See here for more about the Blogging A to Z Challenge.
B is for Beach — it’s a no-brainer, right? Martha’s Vineyard is an island. Its whole perimeter is beach of one kind of another, and much of it is the sandy kind that swimmers and sunbathers love. In summer people come here primarily for the beaches. Vineyarders have figured out plenty of ways to keep them entertained (and part them from their money) at night and when the weather doesn’t cooperate.
Year-rounders know that in summer it’s best to do grocery shopping and run other down-island errands on good beach days. When it’s rainy and/or chilly, the roads and shops of the down-island towns are mobbed with bored summer visitors looking for something to do.
Summer visitors tend to assume that the Vineyard winks out of existence as soon as they leave; hence the perennial question “What do you do in winter?” (Sometimes the first “do” is emphasized, other times the second.)
I knew the Vineyard existed in the winter because I’d been down here a few times with my father, camping out at the family camp, pumping water from the well because the pipes had been drained, drawing close to the fireplace at night. Still, during my first full winter here I was fascinated by snow on the sand, opposites not only attracting but flowing one into the other like it was no big deal.
In the winter of 1985/86 I wrote this poem about walking on South Beach near Quansoo:
I don’t go to the beach very often these days, and almost never in summer, except for special events, like the annual reading of Frederick Douglass’s Fourth of July speech at the Inkwell. In summer you’re much more likely to find me and Travvy in the woods, where there are far fewer people.
But I can’t help noticing that in both my first novel and the one in progress crucial conversations tend to happen on beaches. The Mud of the Place pivots on a conversation Shannon has with Rainey Silvia while walking on Lambert’s Cove Beach. Mud was shaping up to be a tragedy till Rainey said what she had to say. What she said told Shannon she had an ally, and that changed everything. (Moral of the story: Listen to your characters, even, or maybe especially, the ones you think are just extras.)
In Wolfie, on the day before Shannon and Jackie go to Moshup’s Beach as recounted in “A is for Aquinnah,” they stop at State Beach, which runs next to the road from Edgartown to Oak Bluffs, partly because Jackie, a city girl, has never seen a beach with no people on it. Background: Shannon is an alcoholic with a long-established recovery. Jackie has been sober for five or six years. In their weekend visit they are feeling their way toward making amends to each other.
Your lead, Shannon told herself. Earlier she’d been thinking they were ready to open some closed doors. Out here on the beach there were no doors. Anything could dive-bomb you from anywhere. She took a deep breath. “I had a massive battle when I first got to the second step,” she said. “‘Came to believe that a Power greater than ourselves could restore us to sanity.’”
Jackie glanced at her sidelong with a little smile on her face. “Yeah?” she said.
“Yeah,” said Shannon. “The only greater power I knew was the one that had hold of my ankles and was trying to pull me under. It was a tug-of-war to the death and I was afraid I was losing. Turning it over meant giving up.”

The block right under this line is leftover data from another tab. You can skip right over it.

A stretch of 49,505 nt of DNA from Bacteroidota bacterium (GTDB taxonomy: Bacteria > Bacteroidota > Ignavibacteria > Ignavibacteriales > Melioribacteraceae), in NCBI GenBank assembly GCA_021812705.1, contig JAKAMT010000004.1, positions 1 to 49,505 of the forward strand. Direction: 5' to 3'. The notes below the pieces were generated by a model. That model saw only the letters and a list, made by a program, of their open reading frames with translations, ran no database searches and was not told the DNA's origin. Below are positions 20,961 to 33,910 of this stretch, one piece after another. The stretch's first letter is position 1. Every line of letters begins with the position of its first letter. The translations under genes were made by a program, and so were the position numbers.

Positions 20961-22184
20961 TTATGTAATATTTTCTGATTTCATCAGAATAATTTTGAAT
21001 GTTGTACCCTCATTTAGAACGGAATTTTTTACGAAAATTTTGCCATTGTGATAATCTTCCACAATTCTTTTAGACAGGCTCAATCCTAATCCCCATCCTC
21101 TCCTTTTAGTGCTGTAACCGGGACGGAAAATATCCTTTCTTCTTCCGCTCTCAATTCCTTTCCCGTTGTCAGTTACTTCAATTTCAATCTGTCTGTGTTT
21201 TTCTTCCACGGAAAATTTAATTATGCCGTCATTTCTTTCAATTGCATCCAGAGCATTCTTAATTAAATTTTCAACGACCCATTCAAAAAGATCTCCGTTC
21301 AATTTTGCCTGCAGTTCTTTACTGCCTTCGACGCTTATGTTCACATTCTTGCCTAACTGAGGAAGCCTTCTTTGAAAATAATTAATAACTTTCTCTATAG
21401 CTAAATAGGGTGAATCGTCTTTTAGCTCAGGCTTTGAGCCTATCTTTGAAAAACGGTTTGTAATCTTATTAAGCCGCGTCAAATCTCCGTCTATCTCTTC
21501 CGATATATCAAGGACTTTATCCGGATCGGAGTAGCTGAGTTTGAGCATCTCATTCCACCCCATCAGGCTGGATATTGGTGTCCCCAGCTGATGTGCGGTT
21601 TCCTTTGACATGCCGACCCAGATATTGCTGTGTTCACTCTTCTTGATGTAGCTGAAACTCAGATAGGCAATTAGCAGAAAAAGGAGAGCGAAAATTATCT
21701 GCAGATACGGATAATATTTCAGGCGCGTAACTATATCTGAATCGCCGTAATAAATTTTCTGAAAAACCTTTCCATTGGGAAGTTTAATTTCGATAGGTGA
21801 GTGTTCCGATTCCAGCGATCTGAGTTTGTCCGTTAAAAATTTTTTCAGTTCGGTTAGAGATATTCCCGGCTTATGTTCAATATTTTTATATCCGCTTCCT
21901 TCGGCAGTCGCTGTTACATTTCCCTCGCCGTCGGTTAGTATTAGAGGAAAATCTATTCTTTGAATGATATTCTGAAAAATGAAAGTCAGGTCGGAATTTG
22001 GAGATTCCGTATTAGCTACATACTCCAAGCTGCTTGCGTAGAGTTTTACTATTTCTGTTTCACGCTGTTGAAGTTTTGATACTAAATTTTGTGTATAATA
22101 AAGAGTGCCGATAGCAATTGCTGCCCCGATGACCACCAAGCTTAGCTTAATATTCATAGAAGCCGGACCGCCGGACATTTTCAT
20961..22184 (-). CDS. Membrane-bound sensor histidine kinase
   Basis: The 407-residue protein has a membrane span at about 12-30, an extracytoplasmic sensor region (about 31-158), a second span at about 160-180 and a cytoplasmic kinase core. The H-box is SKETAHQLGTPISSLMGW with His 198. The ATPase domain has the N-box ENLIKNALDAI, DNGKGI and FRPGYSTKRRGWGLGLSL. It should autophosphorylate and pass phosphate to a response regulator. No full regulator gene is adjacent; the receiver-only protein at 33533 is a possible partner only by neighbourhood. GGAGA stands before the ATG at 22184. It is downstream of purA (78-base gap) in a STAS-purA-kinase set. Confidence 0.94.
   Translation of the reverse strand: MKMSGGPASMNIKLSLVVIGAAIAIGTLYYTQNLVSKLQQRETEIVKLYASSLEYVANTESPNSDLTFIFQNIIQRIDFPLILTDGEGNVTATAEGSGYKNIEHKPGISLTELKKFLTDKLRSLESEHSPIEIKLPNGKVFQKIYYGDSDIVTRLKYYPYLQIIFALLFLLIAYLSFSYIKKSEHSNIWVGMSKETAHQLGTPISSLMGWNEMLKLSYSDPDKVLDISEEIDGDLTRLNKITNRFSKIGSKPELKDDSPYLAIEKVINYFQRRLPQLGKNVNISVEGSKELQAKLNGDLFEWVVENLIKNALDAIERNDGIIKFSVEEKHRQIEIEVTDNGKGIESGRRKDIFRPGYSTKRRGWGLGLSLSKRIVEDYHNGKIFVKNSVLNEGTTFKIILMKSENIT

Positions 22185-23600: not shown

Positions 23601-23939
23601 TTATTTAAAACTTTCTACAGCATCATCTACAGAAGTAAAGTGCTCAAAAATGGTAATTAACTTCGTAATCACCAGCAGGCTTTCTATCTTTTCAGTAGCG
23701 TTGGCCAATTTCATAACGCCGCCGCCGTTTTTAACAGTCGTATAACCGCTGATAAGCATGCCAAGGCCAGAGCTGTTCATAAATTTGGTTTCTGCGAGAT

“I thought Step 2 would be easy,” Jackie said after a long pause. “Wasn’t it all about God? I believed in God, right? Then I got that the God I believed in sounded a lot like Pop. I didn’t trust him at all.”
“Ha!” Shannon picked up a flat stone, studied it, and aimed it toward the water. It skipped twice and then sank. “I used to be better at that,” she said. “I never saw what had hold of my ankle. I just felt it pulling and tightening its grip and pulling some more. So my sponsor drove me to the beach. Not this beach — the one at Gay Head, where the clay cliffs are. Major island tourist attraction,” she interrupted herself. “I thought we’d drive up-island tomorrow.”
“Sounds like a plan,” said Jackie.
“So it was windy and gray that day and the surf was smashing on the rocks. Whoosh!” Shannon raised both arms as if she were about to get splashed. “We walked a while, then she touched me on the arm and pointed toward the ocean, which is crash-banging and getting closer and closer to our feet, and said ‘Make it stop.’”
Jackie clapped her hands together. “I love it!” she said.
“Of course I thought she was nuts,” Shannon went on. “But by that point I’d figured out that she was also pretty smart and that if I didn’t humor her when I didn’t get it, sooner or later I was going to look really dumb. Then I got it. In those days I was spending a lot of time on the water, scalloping in the off-season, crewing summers on fishing boats and charters. Every damn time you go out on the water you’re dealing with a power so great you have almost no power at all. And it was restoring me to sanity, I just didn’t realize it because I was drinking so much. Out on the water I was stone cold sober and so were the guys — most of ’em anyway, most of the time. We hardly ever said anything. We didn’t have to — we knew what to do and when and we just did it.”
They had stopped walking. Jackie gazed out over the water for a long time. Was she getting ready to say something? Shannon knew there was a time to push and a time to wait it out. This was one of the latter.
“It’s just so, so vast,” Jackie said at last. “Set off in a boat and what’s your next stop — France?”
“You’d have to get past Cape Poge first,” Shannon said, grinning and pointing off to the right, where the northernmost tip of Chappaquiddick vanished into the water. “Then, if you didn’t run aground in the Monomoy Wildlife Refuge — it drops down due south from Cape Cod’s elbow — and if the wind and current were right, you might wind up in Nova Scotia.”